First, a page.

23/02/2016

Emotional Politics and a Communication Dilemma

The continuing popularity of Donald Trump and the rise of populist politicians in many European countries is cause for concern and reflection. Where does this wave of emotionalism come from? It could be a reaction to two factors. The first is globalization. The expansion of frontiers has caused instability. While technology has increased our perspectives from the local to the global, we have lost the assurances of that which is closest to us. The rise of fundamentalism in various forms is an attempt return to roots that have been destabilized.

Lire la suite

18/02/2016

To Say ”Do Something” Is Not Sufficient

Technology allows us to follow events around the world in real time. Front page photos show cities in the Middle East reduced to rubble. Nightly news programs project horrendous scenes of people dying while fleeing across the Mediterranean Sea in make-shift vessels. Reporters file stories tracing the desperate lives of those who have newly arrived in Europe only to find hostility if not rejection in what they thought would be relief from their war-torn countries.

Lire la suite

12/02/2016

Can We Agree to Disagree?

Each game has its rules; each arena has its specificity. British politicians hoot and shout during debates in Parliament while Swiss elected officials calmly listen waiting their turn to intervene. Fistfights have broken out in the Ukrainian and Georgian national assemblies; American officials stand and applaud when they agree with the speaker. In Tbilisi, some representatives dismantled the table-top microphones from their desks to be used as weapons during a brawl; Genevans were shocked when a deputy flung water at another deputy during a parliament meeting. Soccer players yell and argue with the referees while American football players never contest calls. Basketball players talk to the referees, baseball players have been known to bump umpires in fits of anger.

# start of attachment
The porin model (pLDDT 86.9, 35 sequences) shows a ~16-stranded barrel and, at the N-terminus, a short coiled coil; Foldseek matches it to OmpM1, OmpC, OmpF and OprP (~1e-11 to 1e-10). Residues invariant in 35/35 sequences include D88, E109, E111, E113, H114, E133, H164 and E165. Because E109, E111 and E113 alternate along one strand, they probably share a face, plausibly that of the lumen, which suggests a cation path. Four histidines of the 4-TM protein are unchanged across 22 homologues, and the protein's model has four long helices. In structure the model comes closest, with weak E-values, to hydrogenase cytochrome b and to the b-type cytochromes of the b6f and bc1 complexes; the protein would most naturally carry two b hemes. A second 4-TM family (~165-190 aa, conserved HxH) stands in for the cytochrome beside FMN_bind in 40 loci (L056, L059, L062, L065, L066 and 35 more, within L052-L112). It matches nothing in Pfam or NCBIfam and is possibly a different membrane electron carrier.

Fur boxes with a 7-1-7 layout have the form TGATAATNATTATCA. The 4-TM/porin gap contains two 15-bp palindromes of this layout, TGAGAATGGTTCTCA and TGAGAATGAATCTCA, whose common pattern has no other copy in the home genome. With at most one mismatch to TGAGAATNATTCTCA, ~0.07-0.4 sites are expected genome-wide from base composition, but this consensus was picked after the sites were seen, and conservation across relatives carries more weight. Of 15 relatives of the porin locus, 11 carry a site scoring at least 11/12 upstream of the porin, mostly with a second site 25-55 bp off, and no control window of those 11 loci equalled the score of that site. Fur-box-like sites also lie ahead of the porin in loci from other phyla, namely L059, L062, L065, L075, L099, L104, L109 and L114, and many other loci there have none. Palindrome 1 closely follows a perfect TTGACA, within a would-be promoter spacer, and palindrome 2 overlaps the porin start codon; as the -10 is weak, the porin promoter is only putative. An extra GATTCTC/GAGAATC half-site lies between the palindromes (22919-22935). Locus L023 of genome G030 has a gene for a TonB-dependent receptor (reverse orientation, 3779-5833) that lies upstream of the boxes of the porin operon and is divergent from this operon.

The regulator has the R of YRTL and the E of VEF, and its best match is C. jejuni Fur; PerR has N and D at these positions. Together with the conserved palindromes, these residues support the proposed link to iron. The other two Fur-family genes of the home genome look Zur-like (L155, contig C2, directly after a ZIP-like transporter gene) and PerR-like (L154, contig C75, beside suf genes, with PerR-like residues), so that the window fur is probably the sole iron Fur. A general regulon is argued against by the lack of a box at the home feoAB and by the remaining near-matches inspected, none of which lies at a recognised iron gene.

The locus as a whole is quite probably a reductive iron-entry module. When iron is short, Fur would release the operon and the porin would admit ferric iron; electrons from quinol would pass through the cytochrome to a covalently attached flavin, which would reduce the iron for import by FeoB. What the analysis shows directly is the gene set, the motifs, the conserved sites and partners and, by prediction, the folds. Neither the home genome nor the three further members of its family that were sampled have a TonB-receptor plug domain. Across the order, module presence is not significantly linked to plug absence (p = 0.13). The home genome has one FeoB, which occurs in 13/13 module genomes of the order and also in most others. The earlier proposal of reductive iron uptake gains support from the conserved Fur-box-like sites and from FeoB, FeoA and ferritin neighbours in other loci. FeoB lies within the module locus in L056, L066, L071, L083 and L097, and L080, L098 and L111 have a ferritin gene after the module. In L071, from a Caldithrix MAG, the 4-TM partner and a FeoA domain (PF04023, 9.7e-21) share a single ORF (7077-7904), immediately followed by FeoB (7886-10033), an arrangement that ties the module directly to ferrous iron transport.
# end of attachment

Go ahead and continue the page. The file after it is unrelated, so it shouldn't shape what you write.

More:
Lire la suite

04/02/2016

Expect the Unexpected, Known Unknowns and Change

It is the very nature of the unexpected that makes sports so exciting. At the recent downhill race in Kitzbühel, the overwhelming favorite, Aksel Lund Svindal - two-time overall World Cup champion, winner of the previous week’s downhill on the demanding Wengen course and winner of four downhill races this season - crashed out at the bottom of the course. At the recent Australian Open tennis tournament, an overwhelming favorite, Serena Williams, going for her 22nd Slam title and the dominant female player for the past 15 years, lost to a lower- ranked player who had never won a major tournament. True Svindal had missed almost the entire 2015 season due to injury; true Williams had lost to a relative unknown in the semi-finals of last year’s French Open, but still, the crash and loss were unexpected.

Lire la suite